“Once my family loved, really really loved, to dance.”
This is the repeated refrain of “YAG: the Movie,” Batsheva Dance Company’s first production adapted especially for the screen, presented online until June 2 by New York’s Joyce Theater. Choreographed by Ohad Naharin, “YAG” had its world premiere in 1996; this filmed adaptation was shot at Batsheva’s studio in Tel Aviv in October 2020, directed by Naharin and filmed by video artist Roee Shalti.
Once I loved — really really loved — watching dance (and I used to work at Batsheva Dance Company, so I got to see quite a lot). Thanks to COVID-19, I haven’t seen a live dance performance in a very long time. It’s a thrill to see Batsheva again, and interesting to see the ways the camera changes the experience of watching dance. The tactility of watching dancers move in space in real time in front of you is not the same — but it’s replaced by the intimacy of seeing the dancers up close. We see the texture of their body hair, the slow drip of their sweat, the softness of their expressions. Sometimes the camera moves through space and we almost get to feel as though we’re dancing along with them. We see what the choreographer wants us to see, and the film direction becomes another layer of choreography.
Batsheva Dance Company is an internationally renowned contemporary dance company based in Tel Aviv. Before the pandemic (and with any luck, again soon) they toured the world with their distinct and influential choreography, made famous by House Choreographer Naharin, who propelled Batsheva to international stardom when he joined as Artistic Director in 1990 (Gili Navot, who formerly danced with the company, has been Artistic Director since 2018). Naharin is also the creator of Gaga, the movement language that’s studied worldwide by dancers and non-dancers alike.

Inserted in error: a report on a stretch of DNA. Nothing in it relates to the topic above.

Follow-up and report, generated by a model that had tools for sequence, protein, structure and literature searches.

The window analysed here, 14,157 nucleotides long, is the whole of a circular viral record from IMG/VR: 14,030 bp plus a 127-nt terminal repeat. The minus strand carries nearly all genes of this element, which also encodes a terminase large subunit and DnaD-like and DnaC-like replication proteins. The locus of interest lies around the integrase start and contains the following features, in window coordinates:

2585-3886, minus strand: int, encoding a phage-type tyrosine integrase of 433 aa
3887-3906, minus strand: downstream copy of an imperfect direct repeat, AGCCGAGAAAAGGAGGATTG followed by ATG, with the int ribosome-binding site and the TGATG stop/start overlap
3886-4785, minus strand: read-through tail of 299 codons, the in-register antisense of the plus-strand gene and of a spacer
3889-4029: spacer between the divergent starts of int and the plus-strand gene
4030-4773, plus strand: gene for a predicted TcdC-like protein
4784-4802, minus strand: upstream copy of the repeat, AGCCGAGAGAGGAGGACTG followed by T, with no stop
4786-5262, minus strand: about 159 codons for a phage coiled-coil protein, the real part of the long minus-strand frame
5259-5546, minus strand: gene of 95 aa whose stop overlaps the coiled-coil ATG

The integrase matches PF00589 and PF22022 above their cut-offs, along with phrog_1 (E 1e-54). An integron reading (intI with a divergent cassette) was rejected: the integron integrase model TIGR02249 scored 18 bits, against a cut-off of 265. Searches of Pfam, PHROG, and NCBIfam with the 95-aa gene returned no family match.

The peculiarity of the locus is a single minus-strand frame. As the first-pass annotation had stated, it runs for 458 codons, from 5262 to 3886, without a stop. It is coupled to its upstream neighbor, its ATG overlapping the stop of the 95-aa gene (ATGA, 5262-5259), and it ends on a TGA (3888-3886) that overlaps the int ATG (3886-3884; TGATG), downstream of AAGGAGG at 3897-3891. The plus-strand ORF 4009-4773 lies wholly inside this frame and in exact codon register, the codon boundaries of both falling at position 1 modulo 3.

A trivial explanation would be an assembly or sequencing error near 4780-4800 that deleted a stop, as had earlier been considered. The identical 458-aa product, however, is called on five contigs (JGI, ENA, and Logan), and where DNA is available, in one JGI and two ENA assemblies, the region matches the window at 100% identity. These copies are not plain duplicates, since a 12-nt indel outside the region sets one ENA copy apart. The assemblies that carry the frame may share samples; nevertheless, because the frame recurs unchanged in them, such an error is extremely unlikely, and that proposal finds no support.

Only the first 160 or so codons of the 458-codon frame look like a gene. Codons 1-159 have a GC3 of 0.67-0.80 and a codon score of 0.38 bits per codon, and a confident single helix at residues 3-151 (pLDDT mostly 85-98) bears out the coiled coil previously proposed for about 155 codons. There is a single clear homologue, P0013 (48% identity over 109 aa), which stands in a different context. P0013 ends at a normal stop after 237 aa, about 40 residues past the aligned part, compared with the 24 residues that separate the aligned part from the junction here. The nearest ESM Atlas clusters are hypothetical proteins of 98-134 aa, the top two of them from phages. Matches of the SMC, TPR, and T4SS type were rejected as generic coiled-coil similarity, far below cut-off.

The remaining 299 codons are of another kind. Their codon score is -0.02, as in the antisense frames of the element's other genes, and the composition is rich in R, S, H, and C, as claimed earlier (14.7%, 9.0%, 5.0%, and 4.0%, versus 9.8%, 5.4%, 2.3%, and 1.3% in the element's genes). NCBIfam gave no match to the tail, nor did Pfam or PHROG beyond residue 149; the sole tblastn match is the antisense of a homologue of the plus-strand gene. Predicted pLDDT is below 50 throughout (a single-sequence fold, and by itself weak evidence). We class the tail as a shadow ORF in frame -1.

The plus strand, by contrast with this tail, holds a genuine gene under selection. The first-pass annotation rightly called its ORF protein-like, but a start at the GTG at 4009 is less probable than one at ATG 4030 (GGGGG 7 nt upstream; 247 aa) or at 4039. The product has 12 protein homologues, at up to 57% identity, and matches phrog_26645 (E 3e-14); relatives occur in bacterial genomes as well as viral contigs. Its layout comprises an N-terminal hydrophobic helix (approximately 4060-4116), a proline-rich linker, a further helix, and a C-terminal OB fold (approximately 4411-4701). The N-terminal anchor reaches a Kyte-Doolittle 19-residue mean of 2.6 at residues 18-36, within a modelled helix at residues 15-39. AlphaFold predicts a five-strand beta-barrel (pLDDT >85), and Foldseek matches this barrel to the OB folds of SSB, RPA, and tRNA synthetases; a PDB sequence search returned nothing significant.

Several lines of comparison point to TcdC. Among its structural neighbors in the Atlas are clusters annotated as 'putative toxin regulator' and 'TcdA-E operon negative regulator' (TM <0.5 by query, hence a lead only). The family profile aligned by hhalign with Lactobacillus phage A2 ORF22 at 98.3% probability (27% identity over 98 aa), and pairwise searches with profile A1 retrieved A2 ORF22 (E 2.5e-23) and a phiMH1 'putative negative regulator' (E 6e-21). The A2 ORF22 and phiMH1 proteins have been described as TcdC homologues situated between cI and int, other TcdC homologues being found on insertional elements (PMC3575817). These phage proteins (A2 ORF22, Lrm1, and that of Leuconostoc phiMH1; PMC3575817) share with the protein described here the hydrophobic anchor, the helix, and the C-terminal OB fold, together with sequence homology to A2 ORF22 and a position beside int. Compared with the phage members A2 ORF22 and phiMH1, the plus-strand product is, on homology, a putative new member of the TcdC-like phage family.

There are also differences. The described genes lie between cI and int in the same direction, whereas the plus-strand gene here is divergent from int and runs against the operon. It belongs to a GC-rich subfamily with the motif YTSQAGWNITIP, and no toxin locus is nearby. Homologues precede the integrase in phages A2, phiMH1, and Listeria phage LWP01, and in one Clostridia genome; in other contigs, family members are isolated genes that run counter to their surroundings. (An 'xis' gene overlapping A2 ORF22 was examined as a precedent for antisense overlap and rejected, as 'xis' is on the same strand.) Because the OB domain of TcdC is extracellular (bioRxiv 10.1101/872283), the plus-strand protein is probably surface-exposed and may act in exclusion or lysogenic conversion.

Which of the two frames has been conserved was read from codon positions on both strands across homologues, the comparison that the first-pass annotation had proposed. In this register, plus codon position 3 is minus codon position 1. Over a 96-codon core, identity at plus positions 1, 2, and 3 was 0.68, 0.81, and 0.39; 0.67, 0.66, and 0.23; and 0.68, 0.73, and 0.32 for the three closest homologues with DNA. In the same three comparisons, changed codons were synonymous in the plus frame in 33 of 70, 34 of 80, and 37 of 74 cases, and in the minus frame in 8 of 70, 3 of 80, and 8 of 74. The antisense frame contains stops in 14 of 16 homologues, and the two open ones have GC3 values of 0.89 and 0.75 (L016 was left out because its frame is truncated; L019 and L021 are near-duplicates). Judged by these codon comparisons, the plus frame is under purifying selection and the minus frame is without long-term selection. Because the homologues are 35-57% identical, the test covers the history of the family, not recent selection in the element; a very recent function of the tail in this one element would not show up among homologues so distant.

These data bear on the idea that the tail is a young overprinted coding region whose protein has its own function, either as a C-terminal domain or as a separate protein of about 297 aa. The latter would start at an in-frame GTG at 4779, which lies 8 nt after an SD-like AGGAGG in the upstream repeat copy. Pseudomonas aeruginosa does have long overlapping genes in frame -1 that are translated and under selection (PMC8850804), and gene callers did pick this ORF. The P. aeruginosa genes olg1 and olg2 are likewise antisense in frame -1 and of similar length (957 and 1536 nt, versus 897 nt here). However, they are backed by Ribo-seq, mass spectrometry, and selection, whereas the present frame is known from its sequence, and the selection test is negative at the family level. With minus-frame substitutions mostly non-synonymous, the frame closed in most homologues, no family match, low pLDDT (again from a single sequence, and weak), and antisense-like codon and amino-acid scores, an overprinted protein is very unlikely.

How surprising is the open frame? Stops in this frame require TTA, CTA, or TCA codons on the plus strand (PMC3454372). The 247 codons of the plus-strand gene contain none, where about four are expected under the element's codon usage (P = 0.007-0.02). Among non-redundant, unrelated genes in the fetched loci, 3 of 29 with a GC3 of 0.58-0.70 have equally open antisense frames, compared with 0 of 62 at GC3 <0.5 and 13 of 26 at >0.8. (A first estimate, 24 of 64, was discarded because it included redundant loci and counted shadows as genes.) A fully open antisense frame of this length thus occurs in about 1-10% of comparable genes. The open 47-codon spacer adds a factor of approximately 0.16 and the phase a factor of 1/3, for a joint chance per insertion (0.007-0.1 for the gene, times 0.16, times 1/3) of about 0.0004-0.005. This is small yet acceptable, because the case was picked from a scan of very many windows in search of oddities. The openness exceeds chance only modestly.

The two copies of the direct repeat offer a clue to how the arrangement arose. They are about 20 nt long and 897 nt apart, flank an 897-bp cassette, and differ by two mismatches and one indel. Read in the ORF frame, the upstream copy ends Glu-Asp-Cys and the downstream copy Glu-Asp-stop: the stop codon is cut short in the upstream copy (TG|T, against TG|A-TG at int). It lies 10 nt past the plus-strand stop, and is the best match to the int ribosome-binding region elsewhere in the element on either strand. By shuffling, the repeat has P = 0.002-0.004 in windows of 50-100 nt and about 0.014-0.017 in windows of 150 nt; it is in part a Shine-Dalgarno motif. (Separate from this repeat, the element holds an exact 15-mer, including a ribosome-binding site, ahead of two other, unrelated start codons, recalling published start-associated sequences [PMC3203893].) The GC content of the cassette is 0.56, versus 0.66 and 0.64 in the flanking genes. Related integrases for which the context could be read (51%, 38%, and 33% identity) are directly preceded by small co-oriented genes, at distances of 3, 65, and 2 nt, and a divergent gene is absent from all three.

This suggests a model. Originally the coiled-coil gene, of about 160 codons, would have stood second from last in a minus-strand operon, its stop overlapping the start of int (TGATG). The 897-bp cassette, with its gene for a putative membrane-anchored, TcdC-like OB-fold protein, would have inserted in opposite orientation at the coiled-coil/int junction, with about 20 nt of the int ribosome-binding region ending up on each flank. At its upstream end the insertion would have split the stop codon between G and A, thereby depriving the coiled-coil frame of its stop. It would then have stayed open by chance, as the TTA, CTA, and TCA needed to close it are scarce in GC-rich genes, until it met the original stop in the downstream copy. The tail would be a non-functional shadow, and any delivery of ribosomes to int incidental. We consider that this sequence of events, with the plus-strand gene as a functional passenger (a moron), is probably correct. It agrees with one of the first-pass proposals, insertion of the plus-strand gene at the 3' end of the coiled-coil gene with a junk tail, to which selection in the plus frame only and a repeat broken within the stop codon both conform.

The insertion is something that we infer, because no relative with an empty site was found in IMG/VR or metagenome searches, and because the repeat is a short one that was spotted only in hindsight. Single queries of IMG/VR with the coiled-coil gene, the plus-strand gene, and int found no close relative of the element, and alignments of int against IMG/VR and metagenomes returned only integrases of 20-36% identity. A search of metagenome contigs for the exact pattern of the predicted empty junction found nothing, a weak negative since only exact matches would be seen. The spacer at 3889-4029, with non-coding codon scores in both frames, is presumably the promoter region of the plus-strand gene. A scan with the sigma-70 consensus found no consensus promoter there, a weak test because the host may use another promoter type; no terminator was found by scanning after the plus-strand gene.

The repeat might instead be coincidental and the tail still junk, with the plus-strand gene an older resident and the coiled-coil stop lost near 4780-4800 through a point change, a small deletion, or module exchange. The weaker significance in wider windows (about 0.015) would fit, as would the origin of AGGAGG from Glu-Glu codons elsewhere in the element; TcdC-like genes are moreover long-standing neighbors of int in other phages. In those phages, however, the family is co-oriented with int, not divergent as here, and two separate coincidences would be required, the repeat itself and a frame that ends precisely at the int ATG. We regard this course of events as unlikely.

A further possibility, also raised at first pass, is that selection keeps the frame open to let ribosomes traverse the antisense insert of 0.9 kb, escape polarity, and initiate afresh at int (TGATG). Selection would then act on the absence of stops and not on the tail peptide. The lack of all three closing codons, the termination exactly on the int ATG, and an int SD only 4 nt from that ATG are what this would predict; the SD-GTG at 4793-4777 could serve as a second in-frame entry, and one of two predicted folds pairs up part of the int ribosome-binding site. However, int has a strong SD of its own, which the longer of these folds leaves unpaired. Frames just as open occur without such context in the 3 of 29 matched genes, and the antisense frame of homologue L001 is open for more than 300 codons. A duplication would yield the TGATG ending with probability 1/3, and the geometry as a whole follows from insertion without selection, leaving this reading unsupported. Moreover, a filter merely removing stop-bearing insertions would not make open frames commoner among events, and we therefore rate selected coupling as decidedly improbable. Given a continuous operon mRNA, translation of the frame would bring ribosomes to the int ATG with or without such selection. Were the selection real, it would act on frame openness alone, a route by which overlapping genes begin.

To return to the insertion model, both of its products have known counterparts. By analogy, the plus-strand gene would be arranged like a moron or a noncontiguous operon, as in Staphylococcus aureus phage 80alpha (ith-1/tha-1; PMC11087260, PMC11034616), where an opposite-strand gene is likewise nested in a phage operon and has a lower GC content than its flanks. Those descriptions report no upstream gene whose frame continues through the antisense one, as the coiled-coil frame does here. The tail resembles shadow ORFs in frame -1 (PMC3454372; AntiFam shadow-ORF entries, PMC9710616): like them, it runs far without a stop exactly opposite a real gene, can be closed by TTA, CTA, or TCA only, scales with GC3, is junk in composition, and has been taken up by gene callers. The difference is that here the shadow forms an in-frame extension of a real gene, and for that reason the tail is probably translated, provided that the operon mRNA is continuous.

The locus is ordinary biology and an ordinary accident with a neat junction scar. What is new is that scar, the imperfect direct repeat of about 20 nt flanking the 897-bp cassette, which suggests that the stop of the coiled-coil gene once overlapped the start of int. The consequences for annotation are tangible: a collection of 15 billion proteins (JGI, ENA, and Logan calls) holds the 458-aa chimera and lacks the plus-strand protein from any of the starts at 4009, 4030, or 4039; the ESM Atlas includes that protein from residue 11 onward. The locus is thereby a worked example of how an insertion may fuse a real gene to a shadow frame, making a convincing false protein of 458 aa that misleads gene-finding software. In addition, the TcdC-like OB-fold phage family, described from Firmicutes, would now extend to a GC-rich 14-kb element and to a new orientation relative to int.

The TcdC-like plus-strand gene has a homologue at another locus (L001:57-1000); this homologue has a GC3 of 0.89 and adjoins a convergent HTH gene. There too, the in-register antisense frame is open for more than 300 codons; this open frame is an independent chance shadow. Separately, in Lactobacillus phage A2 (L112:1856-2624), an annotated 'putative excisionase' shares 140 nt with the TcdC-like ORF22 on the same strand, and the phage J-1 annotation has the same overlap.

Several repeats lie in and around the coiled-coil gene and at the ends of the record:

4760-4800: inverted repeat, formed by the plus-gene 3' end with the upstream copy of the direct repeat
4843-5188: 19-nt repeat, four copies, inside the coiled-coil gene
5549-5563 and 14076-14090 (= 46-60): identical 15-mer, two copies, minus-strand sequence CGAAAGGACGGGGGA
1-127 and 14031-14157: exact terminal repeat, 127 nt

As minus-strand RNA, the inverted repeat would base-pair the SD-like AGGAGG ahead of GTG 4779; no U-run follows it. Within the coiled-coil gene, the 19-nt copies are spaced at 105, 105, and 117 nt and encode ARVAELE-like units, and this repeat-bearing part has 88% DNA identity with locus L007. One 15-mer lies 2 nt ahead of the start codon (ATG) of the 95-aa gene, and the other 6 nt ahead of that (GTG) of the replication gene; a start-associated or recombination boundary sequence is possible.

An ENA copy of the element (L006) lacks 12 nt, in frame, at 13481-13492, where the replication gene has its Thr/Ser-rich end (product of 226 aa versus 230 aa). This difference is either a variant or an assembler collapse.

“YAG” presents us with dialogue in Hebrew (with well-done English subtitles, a benefit of the screen) that lists members of a family, some of whom have died. A tableau that could be interpreted as a family portrait bookends the piece, which is filled with imagery of death, time and sensuality. It’s full of the vivid and evocative physicality that has made Naharin’s choreography, and Batsheva Dance Company, household names in the world of contemporary dance. There are striking visuals: dancers walking along a line of fortune cookies, crushing them underfoot; a nude man lying flat beneath a wooden plank on which a woman dances, wearing his clothes. Filmed in a small studio with an international cast of six dancers from Batsheva’s Main Company (Yael Ben Ezer, Sean Howe, Londiwe Khoza, Igor Ptashenchuk, Yoni (Yonatan) Simon and Hani Sirkis), this version of “YAG” presents a private and personal performance.
As Naharin describes it, the piece is about “love of dancing, longing, transformation of emotions into pure movement, dancers infusing content I have not written, refinement and exaggeration, family, touch, texture, flow, laughter at oneself, death, time, body, passion, imagination, fortune cookies, nudity … red, groove, control, pleasure, giving up.”
“YAG: The Movie” is 45 minutes long and is available until June 2 as part of the Joyce Theater’s 2021 Digital Season. Tickets available here.